[rabbitmq-discuss] Thoughts from a new user
matthew at rabbitmq.com
Sat Sep 18 23:59:47 BST 2010
> On Sep 18, 2010, at 4:52 PM, Matthew Sackman wrote:
> I guess we'll have to agree to disagree on how developers use
> documentation. I can't speak for others, but I don't use man pages
> unless I'm forced to. When I'm developing, I have about a dozen tabs
> open with the various documentation sources I need while I'm
> developing. I use online documentation *exclusively*. I do have a few
> things with documentation installed locally. Spring framework and the
> Java SE API docs being the two I use most frequently. But I usually do
> that because they're so big.
Heh, yeah, I hear you about size. Also, I generally prefer info pages to
man pages as they can be cross-linked etc. I also have dozens of tabs
open too - but e.g. frequently to
file:///usr/share/doc/$PACKAGE-docs/html/... etc. There's no good reason
why HTML documentation can't be installed locally. Also, never
underestimate the utility of M-x man $PACKAGE in emacs ;)
> > Some software, in e.g. Ubuntu LTS releases, or Debian
> > Stable releases, can be 5 years old and no, I would not expect the
> > authors to clutter their websites with historical records of past
> > documentation.
> Having old versions of things on their website is an expectation I
> have. Maybe it's unrealistic. I can see no downside to having old
> versions of documentation hanging around for users of older versions
> of the software. If you put the version of your documentation in a
> position:fixed nav box somewhere on the page, you've addressed the
> problem of being half-way through a page of docs and forgetting what
> version you're looking at.
Sure, I understand what you're saying. I think it's reasonable to have
documentation a few revisions back, but if you then have a massive
rethemeing or rebranding exercise, do you really want to slog through
the 60 releases you've made over the last 5 years? There are maintanence
tradeoffs. E.g. you choose to rewrite a paragraph because it's not
clear. The functionality that the paragraph describes hasn't changed for
N revisions. Does the paragraph need applying to all N copies of the
documentation? I know these sound like trivial issues, but whatever
policy is agreed on should be applied consistently, and when you're in a
team of just 6 full time developers, these things take a substantial
toll on man power.
> When you write the documentation, if you cover a new feature
> introduced in that version, you simply put a "since: 2.1.0" or
> something. If enough of these are sprinkled throughout, people get
> used to that easily and understand that this feature was introduced in
> version 2.1.0. The python docs are great examples of this.
Yeah, I don't think that's at all unreasonable. It depends on the style
of the documentation. For something like the extensions page, yes, I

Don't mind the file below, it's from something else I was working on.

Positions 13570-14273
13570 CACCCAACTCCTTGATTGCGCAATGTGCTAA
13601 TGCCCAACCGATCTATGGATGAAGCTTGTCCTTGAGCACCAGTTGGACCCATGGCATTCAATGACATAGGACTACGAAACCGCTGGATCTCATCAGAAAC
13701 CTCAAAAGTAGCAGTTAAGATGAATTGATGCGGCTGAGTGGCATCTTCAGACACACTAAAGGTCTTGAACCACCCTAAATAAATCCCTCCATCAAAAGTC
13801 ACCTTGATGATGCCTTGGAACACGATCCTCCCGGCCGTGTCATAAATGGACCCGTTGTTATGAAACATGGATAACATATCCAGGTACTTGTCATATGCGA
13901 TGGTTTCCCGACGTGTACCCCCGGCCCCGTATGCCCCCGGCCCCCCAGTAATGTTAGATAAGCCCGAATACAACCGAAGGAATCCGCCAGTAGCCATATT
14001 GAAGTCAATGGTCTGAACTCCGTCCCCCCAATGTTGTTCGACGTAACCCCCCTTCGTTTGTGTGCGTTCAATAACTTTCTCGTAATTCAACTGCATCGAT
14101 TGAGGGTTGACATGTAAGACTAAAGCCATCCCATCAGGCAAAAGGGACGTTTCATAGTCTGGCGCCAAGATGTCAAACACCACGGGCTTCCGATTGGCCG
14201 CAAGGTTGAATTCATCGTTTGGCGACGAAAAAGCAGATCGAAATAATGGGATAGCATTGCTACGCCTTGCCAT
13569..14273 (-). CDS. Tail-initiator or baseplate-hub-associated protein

think that would work well. For something like the clustering guide or
pacemaker guide, where the documentation is prose, I think it would
break the flow and so for stuff like that, I'd probably prefer to have
entirely separate versions of the page.
> I think that's reasonable, but I go back to agreeing to disagree on
> what format most developers prefer to use documentation in. Erlang
> folks I think are a little skewed because of the prominence of Emacs,
> info docs, and the really old school conventions that are perfectly
> functional but aren't taking advantage of new possibilities.
By the same token, I hope you'll allow me to say that maybe OS X users
are equally skewed ;) Personally, I think good integration with the
editor is really powerful: eclipse and other IDEs are excellent examples
of this. Emacs isn't /great/ at it, but it's, as you say, perfectly
functional. The key requirement is that any documentation can be
searched very quickly and efficiently. Man pages work well as leaves
(simply because they can't be anything else). I would agree that having
something like the Java API docs as man pages would be a horror show if
you didn't know what you were looking for, but being able to just type
"man HashTable" is _much_ faster than using a webbrowser.
> Until such time I'll use Homebrew because it takes up less space on my
> harddrive and has fewer "parts" to keep track of.
My only fear with that is that eventually people may get bitten by
missing features which were disabled simply because it would make
compilation more tricky. What is it about homebrew that you think will
prevent it from turning into macports again? Are they actively trying to
avoid supporting anything other than the simplest configuration of each
> I can't speak for anyone else, but having every possible option turned
> on by default is the reason I don't like macports. The fact that
> Homebrew does exactly what you've pointed out is why I like it! :)
I think the users should have the choice. Neither system offers that.
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